I have always dreamed of having one of those big New England homes you see in movies, surrounded in snow and festooned in classy holiday decorations. I long for one of those dining room tables that seats an absurd number of people, so I can cook an elaborate meal for extended family. Alas, I have neither, and even if I did, my dream still would never happen. My own family is spread far and wide. My husband is the youngest of three, and his siblings have oodles of children, but they are a lost cause. Everyone lives in Indiana, so we do still sometimes get together for the holidays. We are, in fact, gathering for Thanksgiving tomorrow, if you can call 20+ people eating pizza in four different rooms gathering for Thanksgiving.
No one on my husband’s side can cook particularly well, so I guess I am thankful I won’t have to swallow dry turkey and bland mashed potatoes. On Thanksgiving Day, my RN husband has to work, so my daughter and I will be hanging out with a friend, and our menu isn’t set yet. So, this blog post is an ode to some of my favorite classic, holiday-worthy recipes. My husband hates turkey, so if I were cooking, it would probably be a ham, or maybe a standing rib roast, but I will save those for another blog. (You may quickly notice I once had a love affair with Epicurious).
Marinated Shrimp with Champagne Beurre Blanc
Credit: Mark Thomas
My notes: This is just a good excuse to buy champagne. It’s relatively easy, but guests find it impressive.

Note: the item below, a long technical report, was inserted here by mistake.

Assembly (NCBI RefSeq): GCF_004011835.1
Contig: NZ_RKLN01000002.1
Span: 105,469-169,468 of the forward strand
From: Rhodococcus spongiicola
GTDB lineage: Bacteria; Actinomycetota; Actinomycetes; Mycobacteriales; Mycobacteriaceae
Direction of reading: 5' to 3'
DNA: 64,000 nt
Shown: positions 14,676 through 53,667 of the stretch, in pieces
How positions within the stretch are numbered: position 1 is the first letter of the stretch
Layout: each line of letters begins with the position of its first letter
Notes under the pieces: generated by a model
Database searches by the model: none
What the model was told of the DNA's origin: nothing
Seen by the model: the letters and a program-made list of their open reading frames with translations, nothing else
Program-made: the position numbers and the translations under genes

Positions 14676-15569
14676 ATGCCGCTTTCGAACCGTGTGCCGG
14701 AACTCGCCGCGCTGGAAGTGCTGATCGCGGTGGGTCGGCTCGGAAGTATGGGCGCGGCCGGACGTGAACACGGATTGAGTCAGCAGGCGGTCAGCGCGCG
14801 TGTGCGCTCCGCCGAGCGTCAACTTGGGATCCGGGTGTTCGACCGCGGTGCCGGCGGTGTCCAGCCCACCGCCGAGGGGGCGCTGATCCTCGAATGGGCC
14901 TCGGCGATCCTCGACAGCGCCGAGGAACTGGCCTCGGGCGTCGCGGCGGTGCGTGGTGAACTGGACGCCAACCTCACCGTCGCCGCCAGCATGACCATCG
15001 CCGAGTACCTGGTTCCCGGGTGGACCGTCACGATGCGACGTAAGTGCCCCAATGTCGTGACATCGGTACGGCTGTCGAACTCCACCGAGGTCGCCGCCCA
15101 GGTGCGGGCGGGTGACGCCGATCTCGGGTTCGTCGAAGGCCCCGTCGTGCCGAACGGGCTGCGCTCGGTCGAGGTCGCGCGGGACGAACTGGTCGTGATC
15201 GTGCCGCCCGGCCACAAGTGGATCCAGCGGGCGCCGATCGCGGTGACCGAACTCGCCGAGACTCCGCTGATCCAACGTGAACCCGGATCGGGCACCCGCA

- 2 cups Champagne or other dry sparkling wine
- 1/3 cup finely chopped shallots
- 2 tablespoons Champagne vinegar or other white wine vinegar
- 1/4 teaspoon whole black peppercorns
- 1 cup Champagne or other dry sparkling wine
- 1/4 cup extra-virgin olive oil
- 3 tablespoons minced shallots
- 1/2 teaspoon freshly ground black pepper
- 24 extra-large uncooked shrimp (about 2 pounds), peeled with tail left intact, deveined
- 1 tablespoon minced fresh chives
- 1 tablespoon minced fresh tarragon
- 1 tablespoon minced fresh parsley
- Nonstick vegetable oil spray
- 1 cup (2 sticks) chilled unsalted butter, cut into 16 pieces
For sauce base:
- Combine Champagne, shallots, vinegar, and peppercorns in heavy medium saucepan. Boil until reduced to 1/4 cup liquid, about 20 minutes. (Can be made 4 hours ahead. Cover and let stand at room temperature.)
- Combine Champagne, olive oil, shallots, and ground pepper in resealable plastic bag. Add shrimp to bag and seal; shake bag to coat shrimp evenly. Marinate shrimp at room temperature at least 30 minutes and up to 1 hour, turning bag occasionally. Mix chives, tarragon, and parsley in small bowl.
- Preheat broiler. Spray broiler pan with nonstick vegetable oil spray. Drain shrimp; discard plastic bag with marinade. Arrange shrimp on prepared pan in single layer. Broil shrimp until just opaque in center, about 2 minutes per side. Stand 3 shrimp, tails upright, in center of each plate.
- Rewarm sauce base over medium-low heat. Whisk in butter 1 piece at a time, just allowing each to melt before adding next (do not boil or sauce will separate). Season beurre blanc to taste with salt and pepper.
- Spoon warm sauce around shrimp. Sprinkle with fresh herbs and serve.
Macaroni and Cheese with Garlic Breadcrumbs
Credit: Quentin Bacon